Australian police beat detained woman, marched her naked in front of officers – watchdog report

© The West Australian
A newly presented report by West Australian corruption watchdog accuses the country’s police officers of beating a woman and marching her naked through the halls of a watch house in front of other officers in April 2013.

The Corruption and Crime Commission (CCC) report, presented to the Parliament on Thursday, says that five police officers were involved in the harsh treatment of a woman called Joanne Martin on April 7, 2013.

The report includes a video record of the incident showing the woman identified as Joanne Martin, 33 at the time of the incident, screaming while being escorted through the reception area with only a blanket to cover her. The document claims that, during her detention, the woman was subjected to physical attacks that resulted in particular in a serious finger fracture.

"Soon after her arrival, Ms Martin found herself naked, lying face down on a floor, with a number of Watch House officers seeking to forcibly restrain her, one applying hammer blows with a fist to the shoulder blade area, a second also striking her and another using such force to try and remove a ring that it caused a serious fracture to her finger," the report said, as quoted by the West Australian.

"A little later, Ms Martin was escorted handcuffed and with leg restraints, naked apart from a blanket, past male officers,” it added.

Joanne Martin was arrested earlier the same day in Northbridge for disorderly behavior and escorted to the East Perth Watch House, where “there was nothing to indicate [that she] was a threat to any person," the CCC report states.

After beating Martin and parading her through the watch house the officer

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s allegedly put her in a cell without returning her clothes. One officer told her she needed “to have a better attitude,” as can be heard from the footage, although no video record was taken from within the cell.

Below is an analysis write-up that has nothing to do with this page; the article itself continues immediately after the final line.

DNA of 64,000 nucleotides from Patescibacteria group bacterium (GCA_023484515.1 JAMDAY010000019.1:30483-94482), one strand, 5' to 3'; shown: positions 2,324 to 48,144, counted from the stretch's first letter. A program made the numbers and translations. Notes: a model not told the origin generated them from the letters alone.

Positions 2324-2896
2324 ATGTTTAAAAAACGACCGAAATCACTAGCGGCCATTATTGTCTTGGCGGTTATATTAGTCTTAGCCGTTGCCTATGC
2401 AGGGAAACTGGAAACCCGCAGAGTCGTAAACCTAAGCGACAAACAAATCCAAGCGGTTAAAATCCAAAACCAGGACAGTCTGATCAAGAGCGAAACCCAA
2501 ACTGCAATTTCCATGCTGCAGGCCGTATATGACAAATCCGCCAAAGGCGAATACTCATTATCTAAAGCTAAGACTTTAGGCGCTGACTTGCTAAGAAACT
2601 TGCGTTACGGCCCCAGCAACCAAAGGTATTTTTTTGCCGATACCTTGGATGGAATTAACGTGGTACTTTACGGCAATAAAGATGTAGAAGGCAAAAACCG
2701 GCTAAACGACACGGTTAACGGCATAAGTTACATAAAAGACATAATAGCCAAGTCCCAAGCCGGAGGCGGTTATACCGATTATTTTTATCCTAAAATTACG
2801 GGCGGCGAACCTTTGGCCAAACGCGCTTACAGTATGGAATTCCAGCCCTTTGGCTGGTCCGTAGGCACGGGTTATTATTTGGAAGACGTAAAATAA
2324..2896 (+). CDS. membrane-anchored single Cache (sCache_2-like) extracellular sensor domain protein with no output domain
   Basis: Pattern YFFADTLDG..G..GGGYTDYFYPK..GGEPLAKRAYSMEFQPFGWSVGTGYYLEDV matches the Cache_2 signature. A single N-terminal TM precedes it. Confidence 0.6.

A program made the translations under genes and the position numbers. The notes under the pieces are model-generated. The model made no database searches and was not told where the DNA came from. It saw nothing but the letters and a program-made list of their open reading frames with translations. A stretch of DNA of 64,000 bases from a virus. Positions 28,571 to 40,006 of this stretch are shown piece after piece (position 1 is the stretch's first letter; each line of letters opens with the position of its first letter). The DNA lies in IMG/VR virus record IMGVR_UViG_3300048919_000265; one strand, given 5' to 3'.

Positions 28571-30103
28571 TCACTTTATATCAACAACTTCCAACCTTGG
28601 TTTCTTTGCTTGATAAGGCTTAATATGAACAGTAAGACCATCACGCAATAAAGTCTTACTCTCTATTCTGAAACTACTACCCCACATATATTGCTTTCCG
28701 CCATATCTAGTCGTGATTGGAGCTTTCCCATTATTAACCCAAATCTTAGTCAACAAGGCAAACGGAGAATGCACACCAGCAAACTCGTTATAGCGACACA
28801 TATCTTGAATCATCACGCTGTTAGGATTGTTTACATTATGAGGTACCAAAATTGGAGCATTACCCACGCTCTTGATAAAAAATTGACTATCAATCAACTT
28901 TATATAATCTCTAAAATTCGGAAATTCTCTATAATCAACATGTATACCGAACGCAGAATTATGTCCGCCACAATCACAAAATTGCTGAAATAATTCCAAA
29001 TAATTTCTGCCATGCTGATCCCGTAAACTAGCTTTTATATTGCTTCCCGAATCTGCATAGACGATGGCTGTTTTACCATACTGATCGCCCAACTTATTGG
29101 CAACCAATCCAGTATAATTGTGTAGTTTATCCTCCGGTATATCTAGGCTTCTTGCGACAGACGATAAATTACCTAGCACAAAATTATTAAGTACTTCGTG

The Corruption and Crime Commission condemned the police actions by saying that “it is of considerable concern that a person could in Perth in 2013 undergo what befell Ms Martin at the Watch House on the morning of April 7, 2013.”

The report called for bringing the officers and their superiors to account. It also said the incident was a result of an “institutionalized failure” in the West Australian police chains of command.

Police ‘fundamentally disagree’ with findings

West Australian Police Commissioner Karl O'Callaghan denied the report’s claims and said that police “fundamentally disagree” with the CCC findings adding that the officers’ actions were within the law.

"The officers made a risk based decision as they’re entitled to do … that someone coming into the lock-up should be strip searched,” he told Australian media during a press-conference.

"They have to make a decision about how they restrain the prisoner in those circumstances," he told Australian 6PR channel.

"We don't agree that there was no reason to strip search that woman," he added.
Karl O'Callaghan also emphasized that many of the issued raised by the CCC report are no longer relevant as the police had moved to a new watch house in April, 2014, after the incident had taken place.

“The new watch house has better access; it has areas where people can be properly searched. It is easier to keep an eye on the prisoners. We have a different management structure in the new watch house,” he said as quoted by the Australian 9 News.

O'Callaghan also said police was proceeding to using scanners instead of strip searches.

He did not deny the facts of beating and marching the woman through the watch house, although he gave no explanation for that.

The report admitted the police procedures had been improved after moving to the new Perth Watch House in Northbridge as well as acknowledged that there were plans to replace strip searches with body scanners.

However, the watchdog organization was “dissatisfied” with the measures taken to mitigate the risks of police misconduct and stressed that “urgent attention” was still needed in the field of training and supervision.

The incident also drew attention of the West Australia Premier, Collin Barnett, who expressed his concern by saying that “it is a very serious case,” adding that the police commissioner as well as the police minister would further speak on the issue.

“That is the CCC doing its job – oversighting police,” Collin Barnett told the West Australian.